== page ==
How to Choose a Special Needs Summer Camp

It might seem as though spring has just begun, but camps are already advertising and enrolling for their summer programs.  Doing some research early will ensure your child a spot in the summer camp of your choice.  Consider the following steps when searching for the right types of special needs camp.

What You and Your Child Want

Weighted Blankets for Special Needs

Weighted blankets are affordable tools that nearly any child with special needs should have.  Sensory Goods is a company that designs these blankets to help individuals with developmental disorders, including those with autism and sensory integration needs.

Weighted blankets are the biggest product for Sensory Goods, and these blankets help children relax, sleep, or calm down during a meltdown.

How They Work

LA College Fair for Learning Differences

Choosing the right college is perhaps the most important choice for a high school senior.  While many students have an idea of what they want to do for a career, still others are uncertain of this important life decision.

Finding the right college can be challenging, but take away some of the pressure and unknowns by attending college fairs.  Your academic and personal interests determine collegiate success, and college fairs are excellent ways to discover a university that matches those appeals.

Ask the Developmental Doc

Dear Developmental Doc,

My son is 10 years old with a moderate form of autism. He struggles in almost all areas of development, particularly since he is non-verbal. I have recently read that there are iPad apps that help kids like mine become more aware of the world around them. He does seem to enjoy playing on the computer, but I am not well versed on the actual mechanics of the programs and am concerned that he’ll get too self-absorbed and that the whole endeavor might do more harm than good. Your thoughts?  -Marilyn P. Silverlake, CA. 

Kinderlift Opens Up to World of Special Needs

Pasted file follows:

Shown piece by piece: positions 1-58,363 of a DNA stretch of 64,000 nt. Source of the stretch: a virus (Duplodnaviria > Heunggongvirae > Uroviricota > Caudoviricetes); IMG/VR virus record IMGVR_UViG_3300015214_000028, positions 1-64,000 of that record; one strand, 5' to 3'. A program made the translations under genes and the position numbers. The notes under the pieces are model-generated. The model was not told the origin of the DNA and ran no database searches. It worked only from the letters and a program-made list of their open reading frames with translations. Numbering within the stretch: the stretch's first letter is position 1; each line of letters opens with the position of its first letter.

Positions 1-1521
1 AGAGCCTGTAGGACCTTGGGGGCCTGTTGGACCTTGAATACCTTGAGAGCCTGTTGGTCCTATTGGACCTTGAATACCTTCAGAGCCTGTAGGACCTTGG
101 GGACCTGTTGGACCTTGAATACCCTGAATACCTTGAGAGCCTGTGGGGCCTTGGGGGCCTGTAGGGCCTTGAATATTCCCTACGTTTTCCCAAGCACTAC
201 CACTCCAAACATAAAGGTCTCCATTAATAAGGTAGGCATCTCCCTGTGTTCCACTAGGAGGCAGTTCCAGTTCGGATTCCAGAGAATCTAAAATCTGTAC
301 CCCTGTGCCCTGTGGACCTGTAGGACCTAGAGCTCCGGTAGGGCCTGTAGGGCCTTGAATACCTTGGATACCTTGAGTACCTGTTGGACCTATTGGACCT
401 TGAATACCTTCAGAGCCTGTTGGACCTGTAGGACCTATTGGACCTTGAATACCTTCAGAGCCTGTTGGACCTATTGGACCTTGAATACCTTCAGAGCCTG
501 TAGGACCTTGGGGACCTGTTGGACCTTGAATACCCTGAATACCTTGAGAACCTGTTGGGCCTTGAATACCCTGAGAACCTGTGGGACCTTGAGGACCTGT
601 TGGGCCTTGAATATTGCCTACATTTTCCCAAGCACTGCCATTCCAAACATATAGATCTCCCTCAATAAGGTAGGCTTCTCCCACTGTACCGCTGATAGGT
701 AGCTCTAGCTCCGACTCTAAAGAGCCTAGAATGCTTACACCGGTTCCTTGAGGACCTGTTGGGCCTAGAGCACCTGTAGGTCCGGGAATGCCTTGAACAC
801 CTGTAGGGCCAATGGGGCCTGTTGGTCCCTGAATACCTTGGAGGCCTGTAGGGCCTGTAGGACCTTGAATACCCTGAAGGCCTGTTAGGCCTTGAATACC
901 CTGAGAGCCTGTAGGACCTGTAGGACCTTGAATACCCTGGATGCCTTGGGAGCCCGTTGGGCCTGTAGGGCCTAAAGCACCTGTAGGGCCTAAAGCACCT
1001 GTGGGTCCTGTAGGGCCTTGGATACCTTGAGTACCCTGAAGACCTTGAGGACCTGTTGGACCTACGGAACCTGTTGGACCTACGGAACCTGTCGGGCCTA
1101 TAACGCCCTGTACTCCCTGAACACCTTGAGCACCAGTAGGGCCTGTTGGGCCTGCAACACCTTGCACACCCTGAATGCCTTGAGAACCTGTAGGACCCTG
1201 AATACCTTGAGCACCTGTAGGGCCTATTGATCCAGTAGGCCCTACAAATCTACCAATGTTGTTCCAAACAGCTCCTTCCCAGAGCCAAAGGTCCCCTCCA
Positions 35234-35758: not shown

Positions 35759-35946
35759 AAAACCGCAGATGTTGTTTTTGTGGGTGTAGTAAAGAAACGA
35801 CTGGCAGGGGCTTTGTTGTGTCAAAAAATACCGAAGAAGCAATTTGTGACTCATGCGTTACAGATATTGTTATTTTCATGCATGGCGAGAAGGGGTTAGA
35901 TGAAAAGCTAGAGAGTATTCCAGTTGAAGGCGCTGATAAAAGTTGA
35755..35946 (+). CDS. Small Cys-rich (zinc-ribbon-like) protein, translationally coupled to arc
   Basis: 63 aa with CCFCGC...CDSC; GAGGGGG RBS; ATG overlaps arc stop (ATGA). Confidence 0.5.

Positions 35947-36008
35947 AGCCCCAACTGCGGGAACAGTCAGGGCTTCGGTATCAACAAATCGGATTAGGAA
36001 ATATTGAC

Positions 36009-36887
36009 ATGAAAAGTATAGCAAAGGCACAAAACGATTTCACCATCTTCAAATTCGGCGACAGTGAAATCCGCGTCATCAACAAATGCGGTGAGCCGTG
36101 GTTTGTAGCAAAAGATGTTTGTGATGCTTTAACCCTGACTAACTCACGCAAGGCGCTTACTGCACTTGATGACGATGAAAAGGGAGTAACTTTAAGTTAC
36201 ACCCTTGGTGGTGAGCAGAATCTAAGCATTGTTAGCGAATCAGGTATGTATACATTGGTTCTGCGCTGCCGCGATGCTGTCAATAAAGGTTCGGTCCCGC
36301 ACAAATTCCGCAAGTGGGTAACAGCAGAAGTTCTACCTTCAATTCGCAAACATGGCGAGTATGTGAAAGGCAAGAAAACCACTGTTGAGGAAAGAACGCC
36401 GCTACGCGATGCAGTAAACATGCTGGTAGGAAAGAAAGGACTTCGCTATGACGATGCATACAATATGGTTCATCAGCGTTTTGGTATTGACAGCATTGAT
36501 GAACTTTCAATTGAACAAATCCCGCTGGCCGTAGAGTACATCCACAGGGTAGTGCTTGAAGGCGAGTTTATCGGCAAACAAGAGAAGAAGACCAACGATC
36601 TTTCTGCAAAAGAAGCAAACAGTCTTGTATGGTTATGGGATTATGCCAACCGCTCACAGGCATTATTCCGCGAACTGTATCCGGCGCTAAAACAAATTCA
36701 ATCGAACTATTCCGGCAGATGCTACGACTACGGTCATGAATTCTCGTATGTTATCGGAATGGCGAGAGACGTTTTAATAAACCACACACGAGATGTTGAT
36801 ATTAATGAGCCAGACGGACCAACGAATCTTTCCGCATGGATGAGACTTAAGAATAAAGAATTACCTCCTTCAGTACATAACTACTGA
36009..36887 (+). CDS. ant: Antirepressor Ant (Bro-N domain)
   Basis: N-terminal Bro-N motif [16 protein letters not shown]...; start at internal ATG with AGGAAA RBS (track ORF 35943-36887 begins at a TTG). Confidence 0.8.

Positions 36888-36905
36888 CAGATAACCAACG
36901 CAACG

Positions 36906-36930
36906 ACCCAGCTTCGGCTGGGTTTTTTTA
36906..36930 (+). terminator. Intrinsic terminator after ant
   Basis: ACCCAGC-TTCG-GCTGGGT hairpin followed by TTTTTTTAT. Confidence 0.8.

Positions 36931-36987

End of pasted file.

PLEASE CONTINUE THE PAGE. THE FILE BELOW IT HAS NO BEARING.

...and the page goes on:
No one was more surprised than Randy Burklund, owner of Kinderlift, that a ski vest designed to keep kids safe on the slopes would find a market in the special needs community. Kinderlift was created by a mother whose son fell off a ski lift when he was very young. The boy was fine, but the mother had the idea of making a brightly colored vest with a strap on the back so that it is easy for parents to grab onto kids when they start to fall as they learn to ski.

3 Anxiety-Busting Solutions for Autism

Here are three practical, simple solutions caregivers can use to help reduce anxiety and deal better every day with a child who has anxiety from autism.

 Autism spectrum disorders and anxiety go hand-and-hand like sneezing and a cold.

New Font Designed for People with Dyslexia

A font has been developed by a Dutch graphic designer, which will make letters easier to read and comprehend for people with dyslexia. Designer Christian Boer is dyslexic himself. He created a font called Dyslexie to keep letters "tied down," helping readers not to flip them in their minds. He did this by changing the letters to make the undersides bolder, letting gravity do the work of keeping them right side up. He also made letters more distinct and spaced wider apart. Some letters are angled slightly to keep them from looking like others.

Kate Winslet, a Hat, and Autism Awareness

It all started with a documentary from Iceland called A Mother’s Courage: Talking Back to Autism. The film needed an English-language narrator, and Oscar-winner Kate Winslet was sent a copy to watch. The story of Margret Ericsdottir's journey to discover whether her severely autistic 11-year-old son, Keli, would ever be able to speak moved the actress. It changed her. “I . . . knew I couldn’t just lend my voice to this documentary and go home,” she says in an interview with Ladies’ Home Journal.

Amazing Race Host Bikes across U.S. for MS

Phil Keoghan has been the impeccably dressed and proper host for 20 seasons of CBS’s The Amazing Race. On February 18, audiences will see him in a different role: as the subject of a new documentary, The Ride, which follows Keoghan as he bikes across America with a team of four other people.

Space Camp Special Needs Programs a Big Hit

The recent airing of the Hallmark Hall of Fame movie A Smile as Big as the Moon created such a surge of interest in attending Space Camp that the camp’s website was unable to handle the flood of traffic. The site crashed last night, but it is now back up and running as a resource for parents and kids with special needs who are looking into the program, many for the first time.